What’s home to refugees braving the high seas to find a footing? Not the forced embrace of war-torn Rwanda as British home secretary Suella Braverman would have you believe. Nor do ‘boat people’ belong on boats, as the UK government seems to think, and packing them away like sardines on discarded old ships isn’t the answer to their quandary.

To some, including author James Baldwin, home doesn’t require external trappings. The ever-shifting mark singer Paul Young sought to lay his hat on in the eighties, or BBC’s Sherlock’s mind-palace, where the sleuthing genius felt more at ease than at 221B Baker Street, are homes as good as any.

Think about what you’d rescue in a residential fire and you’ll know what home is. For me, it would be family first, and then perhaps, if there was time to make one last dash into the bonfire, I’d save phones or laptops. Not because I’m enamoured of technology (far from it), or that they’re worth a few quid, but because these gizmos nowadays contain entire histories — our photographs, writings, recipes, you name it.

Everything else — calming orange armchair, beloved Kashmiri sidetable, or quirky Victorian cricketing print, for example — though valued for how well they fit our eclectic existence, and not for what they cost (not much), I’d survive without if I had to.

I’ve moved so often that nothing insensate could ever be the essence of home for me. That may be why, despite my love for our forest house, my subconscious whispers to me every now and then that it’s time to relocate.

Enchanting Corfu’s siren song tugs at the heart strings, even as majestic Berlin makes a solid appeal. Having nursed the vision of a stylish stretch in elegant ‘Paree’ with the family for an eternity, it has the je-ne-sais-quoi to become a reality. And, which dyed-in-the-’ool  Calcuttan hasn’t considered a return to their old city (as a second home, if not one’s main digs)?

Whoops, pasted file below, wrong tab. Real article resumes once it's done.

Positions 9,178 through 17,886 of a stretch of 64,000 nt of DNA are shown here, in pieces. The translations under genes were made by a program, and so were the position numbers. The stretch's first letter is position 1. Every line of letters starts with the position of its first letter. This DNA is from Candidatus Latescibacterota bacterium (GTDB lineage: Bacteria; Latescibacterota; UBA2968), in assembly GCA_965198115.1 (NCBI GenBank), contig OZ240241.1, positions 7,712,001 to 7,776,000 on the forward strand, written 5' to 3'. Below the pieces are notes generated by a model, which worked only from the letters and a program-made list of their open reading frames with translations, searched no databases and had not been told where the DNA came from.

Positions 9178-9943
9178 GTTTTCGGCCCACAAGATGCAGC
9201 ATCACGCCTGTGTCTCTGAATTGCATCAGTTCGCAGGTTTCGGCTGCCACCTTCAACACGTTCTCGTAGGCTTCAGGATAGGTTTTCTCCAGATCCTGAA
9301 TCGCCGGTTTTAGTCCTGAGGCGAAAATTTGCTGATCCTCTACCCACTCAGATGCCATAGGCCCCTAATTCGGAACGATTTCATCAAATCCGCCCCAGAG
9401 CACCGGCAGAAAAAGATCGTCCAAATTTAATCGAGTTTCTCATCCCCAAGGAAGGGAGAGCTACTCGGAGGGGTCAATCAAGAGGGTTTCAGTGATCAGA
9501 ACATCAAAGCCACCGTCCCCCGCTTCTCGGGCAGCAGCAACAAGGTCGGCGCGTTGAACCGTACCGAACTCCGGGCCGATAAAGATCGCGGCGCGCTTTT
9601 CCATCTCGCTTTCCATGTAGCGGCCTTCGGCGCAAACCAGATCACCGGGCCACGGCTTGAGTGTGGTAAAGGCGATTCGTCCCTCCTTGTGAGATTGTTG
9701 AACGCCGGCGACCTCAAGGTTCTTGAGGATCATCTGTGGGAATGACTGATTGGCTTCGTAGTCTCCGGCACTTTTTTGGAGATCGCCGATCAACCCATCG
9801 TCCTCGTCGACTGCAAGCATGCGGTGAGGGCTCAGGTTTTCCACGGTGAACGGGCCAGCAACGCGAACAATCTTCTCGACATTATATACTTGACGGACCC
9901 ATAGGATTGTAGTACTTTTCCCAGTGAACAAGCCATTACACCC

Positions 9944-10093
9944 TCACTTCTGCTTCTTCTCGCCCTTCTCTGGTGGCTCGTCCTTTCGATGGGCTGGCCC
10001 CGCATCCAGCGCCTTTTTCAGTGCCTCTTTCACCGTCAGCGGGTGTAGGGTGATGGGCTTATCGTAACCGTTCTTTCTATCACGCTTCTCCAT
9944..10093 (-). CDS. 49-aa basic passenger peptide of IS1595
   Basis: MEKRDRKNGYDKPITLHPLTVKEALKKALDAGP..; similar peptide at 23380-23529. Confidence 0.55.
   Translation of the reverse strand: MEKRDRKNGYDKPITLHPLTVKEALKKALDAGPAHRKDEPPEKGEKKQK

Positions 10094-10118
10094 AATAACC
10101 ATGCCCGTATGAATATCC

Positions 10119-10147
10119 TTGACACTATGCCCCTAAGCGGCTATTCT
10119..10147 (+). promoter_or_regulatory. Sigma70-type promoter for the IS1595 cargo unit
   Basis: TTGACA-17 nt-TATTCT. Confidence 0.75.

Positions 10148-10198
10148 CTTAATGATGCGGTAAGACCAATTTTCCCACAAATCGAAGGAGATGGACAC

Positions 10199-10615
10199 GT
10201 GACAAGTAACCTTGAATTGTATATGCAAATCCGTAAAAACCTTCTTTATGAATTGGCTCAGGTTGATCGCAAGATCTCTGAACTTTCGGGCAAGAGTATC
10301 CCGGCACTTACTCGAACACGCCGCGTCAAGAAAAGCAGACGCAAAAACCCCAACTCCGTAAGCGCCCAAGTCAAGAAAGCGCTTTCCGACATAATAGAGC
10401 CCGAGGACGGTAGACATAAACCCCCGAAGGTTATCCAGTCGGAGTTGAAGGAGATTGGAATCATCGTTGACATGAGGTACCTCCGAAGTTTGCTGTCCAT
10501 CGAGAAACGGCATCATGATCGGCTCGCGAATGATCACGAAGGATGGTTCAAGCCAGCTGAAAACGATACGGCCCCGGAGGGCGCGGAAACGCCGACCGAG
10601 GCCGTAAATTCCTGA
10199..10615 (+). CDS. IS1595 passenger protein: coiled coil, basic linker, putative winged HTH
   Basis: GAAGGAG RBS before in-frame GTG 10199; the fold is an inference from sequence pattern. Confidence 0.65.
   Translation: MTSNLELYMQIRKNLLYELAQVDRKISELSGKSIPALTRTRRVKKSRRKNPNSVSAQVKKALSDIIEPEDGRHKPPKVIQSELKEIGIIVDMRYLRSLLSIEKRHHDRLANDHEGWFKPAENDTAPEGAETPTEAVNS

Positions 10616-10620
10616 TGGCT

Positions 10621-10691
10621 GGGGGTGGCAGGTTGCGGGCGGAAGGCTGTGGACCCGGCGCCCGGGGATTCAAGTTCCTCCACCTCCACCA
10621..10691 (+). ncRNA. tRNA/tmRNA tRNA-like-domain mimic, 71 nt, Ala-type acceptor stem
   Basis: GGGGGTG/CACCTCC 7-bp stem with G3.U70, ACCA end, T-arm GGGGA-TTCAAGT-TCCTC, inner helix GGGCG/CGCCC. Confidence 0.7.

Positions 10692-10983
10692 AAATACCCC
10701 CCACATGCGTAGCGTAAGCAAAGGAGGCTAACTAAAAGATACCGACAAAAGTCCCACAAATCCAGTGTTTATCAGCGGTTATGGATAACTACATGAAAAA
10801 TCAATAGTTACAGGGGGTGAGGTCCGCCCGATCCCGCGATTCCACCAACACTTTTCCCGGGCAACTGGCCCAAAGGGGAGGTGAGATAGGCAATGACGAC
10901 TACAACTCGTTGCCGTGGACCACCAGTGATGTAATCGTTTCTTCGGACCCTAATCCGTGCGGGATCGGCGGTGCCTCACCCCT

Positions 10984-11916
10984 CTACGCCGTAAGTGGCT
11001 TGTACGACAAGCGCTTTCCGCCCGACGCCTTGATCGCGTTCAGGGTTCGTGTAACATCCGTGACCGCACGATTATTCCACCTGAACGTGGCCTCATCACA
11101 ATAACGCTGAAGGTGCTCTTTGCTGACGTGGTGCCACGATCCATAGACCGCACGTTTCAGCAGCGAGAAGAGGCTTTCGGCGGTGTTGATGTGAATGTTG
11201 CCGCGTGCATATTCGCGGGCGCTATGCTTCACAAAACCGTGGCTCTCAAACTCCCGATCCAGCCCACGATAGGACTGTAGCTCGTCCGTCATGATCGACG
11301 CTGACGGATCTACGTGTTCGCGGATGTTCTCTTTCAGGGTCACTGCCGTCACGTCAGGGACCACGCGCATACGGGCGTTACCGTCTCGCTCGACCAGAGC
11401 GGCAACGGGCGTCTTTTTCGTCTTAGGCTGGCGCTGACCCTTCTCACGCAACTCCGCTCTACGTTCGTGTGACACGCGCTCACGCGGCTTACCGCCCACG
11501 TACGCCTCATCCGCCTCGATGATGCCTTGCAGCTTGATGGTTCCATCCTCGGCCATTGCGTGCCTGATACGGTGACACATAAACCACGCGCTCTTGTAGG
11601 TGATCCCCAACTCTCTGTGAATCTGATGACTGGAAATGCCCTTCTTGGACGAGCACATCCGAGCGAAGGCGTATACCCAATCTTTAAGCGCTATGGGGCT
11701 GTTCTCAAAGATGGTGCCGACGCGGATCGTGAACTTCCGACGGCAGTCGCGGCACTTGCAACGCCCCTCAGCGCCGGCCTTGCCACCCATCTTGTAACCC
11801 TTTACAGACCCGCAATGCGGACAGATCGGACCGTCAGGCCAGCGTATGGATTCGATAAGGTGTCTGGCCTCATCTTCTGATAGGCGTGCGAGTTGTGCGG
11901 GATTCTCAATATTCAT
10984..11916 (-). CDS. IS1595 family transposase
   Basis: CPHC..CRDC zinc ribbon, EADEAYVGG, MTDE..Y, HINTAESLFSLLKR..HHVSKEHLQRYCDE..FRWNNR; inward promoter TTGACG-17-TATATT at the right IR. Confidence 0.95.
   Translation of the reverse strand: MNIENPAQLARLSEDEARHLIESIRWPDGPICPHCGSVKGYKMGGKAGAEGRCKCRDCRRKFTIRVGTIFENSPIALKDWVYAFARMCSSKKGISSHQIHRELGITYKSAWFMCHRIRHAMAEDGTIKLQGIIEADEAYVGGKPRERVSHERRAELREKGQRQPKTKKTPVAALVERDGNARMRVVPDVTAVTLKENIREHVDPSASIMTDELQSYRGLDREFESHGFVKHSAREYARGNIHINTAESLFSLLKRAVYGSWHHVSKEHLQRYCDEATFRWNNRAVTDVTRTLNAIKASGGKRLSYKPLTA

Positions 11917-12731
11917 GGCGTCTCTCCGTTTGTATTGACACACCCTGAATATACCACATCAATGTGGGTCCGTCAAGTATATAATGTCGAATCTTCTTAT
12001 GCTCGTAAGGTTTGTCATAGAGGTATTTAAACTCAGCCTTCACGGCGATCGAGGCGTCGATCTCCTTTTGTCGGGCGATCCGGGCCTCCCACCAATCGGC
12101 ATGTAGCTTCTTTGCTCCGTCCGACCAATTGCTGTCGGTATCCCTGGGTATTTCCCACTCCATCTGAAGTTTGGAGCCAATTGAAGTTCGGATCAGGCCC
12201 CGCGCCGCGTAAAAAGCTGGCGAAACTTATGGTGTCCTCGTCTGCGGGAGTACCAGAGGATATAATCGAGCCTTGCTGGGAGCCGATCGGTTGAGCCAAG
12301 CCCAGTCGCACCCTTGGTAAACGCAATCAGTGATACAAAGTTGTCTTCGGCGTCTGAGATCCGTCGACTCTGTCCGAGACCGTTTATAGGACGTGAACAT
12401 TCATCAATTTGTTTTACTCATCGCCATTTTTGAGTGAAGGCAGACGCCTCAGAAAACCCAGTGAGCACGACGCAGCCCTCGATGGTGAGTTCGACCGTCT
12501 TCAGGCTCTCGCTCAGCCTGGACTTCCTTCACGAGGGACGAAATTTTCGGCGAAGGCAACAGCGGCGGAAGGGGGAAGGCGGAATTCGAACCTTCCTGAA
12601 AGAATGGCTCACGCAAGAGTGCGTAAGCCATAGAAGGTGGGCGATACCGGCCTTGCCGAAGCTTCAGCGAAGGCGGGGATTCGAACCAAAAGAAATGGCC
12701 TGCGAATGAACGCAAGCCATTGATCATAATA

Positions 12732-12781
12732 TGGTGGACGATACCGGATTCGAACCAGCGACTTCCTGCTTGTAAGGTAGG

Sometimes, the urge to nurture yet another patch to life is a strident calling, such as the one that moved me on our jaunt into my adopted home of Nottingham’s heart this week, to find the pandemic had left it leached of its legendary vim.

This post-pandemic downturn has been endemic, of course. Historic Durham, another fondly remembered stomping ground, had the same down-at-heel look on our recent return. In Kolkata two months ago, I noticed further post-pandemic decline and chicanery (so at odds with my large-hearted birth city): dug-up pavements, filthier streets, disrespect towards women escalating, whilst hospitals ripped vulnerable patients off with unconscionable impunity. Even as mass murder becomes as American as Disney, ma cherie ‘Paree’ too is burning!

But I have the refuge of my family; their smiles, hugs, wit, and superb cooking (to name only some of what they do for me), and the world outside falls away as a result.

What does home mean to you, mon ami?

Tags: sanskrit, kolkata, manila, england, little house